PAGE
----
Vinod Khanna belonged to the second wave of Punjabi heroes who ruled Bollywood – known as “Partition Punjabis”.
His family hailed from Peshawar in Pakistan and had moved to India in 1947 when the country was divided.
The heroes on screen then were all swashbuckling heroes known for their strapping good looks, cultivated on screen mannerisms and individual styles.
He embodied all that but also brought all the panache of 1970s cinema to his acting.
Khanna graduated from college in Mumbai but had been seduced by the movies since school and soon started concentrating on acting full time.
He made his film debut in 1968 with Man ka Meet.
Film writer Jai Arjun Singh points out that “Khanna’s Bollywood path was unusual for his times”. He was the first modern Bollywood hero who started out by playing negative characters.
“Khanna’s villainy was impressive as it combined his dashing looks with an edgy dangerous menace that made him impressive on screen. He was better at playing villain parts than the conventional Bollywood hero”, says Singh.
If Dharmendra was the original “beefcake of Bollywood” in the 1970s, the 1980s was dominated by the figure of Amitabh Bachchan’s “angry young man”.
But Mr Singh says there was a time when Bollywood watchers “predicted that Khanna was a threat to superstar Bachchan’s popularity”. The two acted in a number of films together.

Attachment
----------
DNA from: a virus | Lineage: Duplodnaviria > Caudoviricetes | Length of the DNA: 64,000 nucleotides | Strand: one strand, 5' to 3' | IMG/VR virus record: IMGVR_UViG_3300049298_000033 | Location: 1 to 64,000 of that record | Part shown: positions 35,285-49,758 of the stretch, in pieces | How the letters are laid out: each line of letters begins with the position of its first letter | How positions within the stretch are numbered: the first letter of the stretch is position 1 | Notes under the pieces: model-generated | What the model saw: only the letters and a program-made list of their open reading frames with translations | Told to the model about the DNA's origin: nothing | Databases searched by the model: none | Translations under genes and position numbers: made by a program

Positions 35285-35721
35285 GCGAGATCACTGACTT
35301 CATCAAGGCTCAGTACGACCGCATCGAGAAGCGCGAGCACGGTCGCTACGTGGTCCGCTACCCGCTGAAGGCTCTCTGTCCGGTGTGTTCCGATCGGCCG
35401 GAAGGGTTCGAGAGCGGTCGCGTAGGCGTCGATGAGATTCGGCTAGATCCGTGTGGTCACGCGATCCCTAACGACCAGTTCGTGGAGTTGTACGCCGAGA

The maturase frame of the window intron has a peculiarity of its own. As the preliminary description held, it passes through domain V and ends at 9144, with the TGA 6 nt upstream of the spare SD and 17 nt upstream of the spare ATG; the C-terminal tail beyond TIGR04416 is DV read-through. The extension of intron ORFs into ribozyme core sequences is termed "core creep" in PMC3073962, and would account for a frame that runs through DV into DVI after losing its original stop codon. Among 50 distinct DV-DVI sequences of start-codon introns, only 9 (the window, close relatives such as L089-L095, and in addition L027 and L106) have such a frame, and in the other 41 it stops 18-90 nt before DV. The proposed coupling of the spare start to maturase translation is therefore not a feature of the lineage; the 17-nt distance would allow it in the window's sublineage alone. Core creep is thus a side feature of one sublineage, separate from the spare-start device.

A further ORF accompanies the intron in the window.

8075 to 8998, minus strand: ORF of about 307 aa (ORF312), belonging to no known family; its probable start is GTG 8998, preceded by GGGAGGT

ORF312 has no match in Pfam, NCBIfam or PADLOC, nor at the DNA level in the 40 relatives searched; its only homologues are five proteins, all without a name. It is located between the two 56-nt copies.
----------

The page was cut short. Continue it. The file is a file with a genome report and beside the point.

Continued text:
In Amar Akbar Anthony, one of Bollywood’s biggest hits ever, a scene has Khanna beating Bachchan to a pulp and carting him over his shoulders. It left many fans of the superstar dumbfounded.
Khanna was also a very successful politician, getting elected to parliament four times
“It was inconceivable for me to imagine my hero getting beaten. Even by his elder brother in the film,” writes Diptakirti Chaudhuri, in a book on Bollywood.
Khanna was a hunk with dreamy eyes and the combination of his muscularity and good looks helped him race to the top.
He did action, thrillers, and romances and, for a while, ruled the marquee in Bollywood.
His noteworthy films include Mera Gaon Mera Desh, Gaddar, Imtihaan, Muqaddar ka Sikander, Inkaar, Amar Akbar, Antony, Qurbani, Kudrat, Dayavan among others.
But in the 1980s, Khanna, by then a family man and top hero, gave up acting in films to retire to an ashram run by Rajneesh, a maverick spiritual guru, popular with westerners, in the western Indian city of Pune.
The tabloids called him “Sexy Sanyasi”, referring to an ascetic follower of Hinduism.
“I am, I guess, a human being who does what feels right to him at the time, does what he really wants to do,” he once told a journalist who asked him whether he was a star or a sanyasi.
“Sure, it is easy to latch onto one thing, to be and do that all your life – but within you is a voice saying there must be something more to life. I look for that something more.”
After his return from the ashram, his marriage ended and he went missing from popular imagination.
But he went on to remarry and gradually returned to acting at his own pace. Much later, in 1997, he joined politics – subsequently getting elected to parliament four times. He was once made a junior foreign minister.
He will be forever remembered as an actor who wrote his own jagged script.
Khanna, who died aged 70 in April 2017, is survived by his wife, daughters and sons.
- Adapted from a tribute by the BBC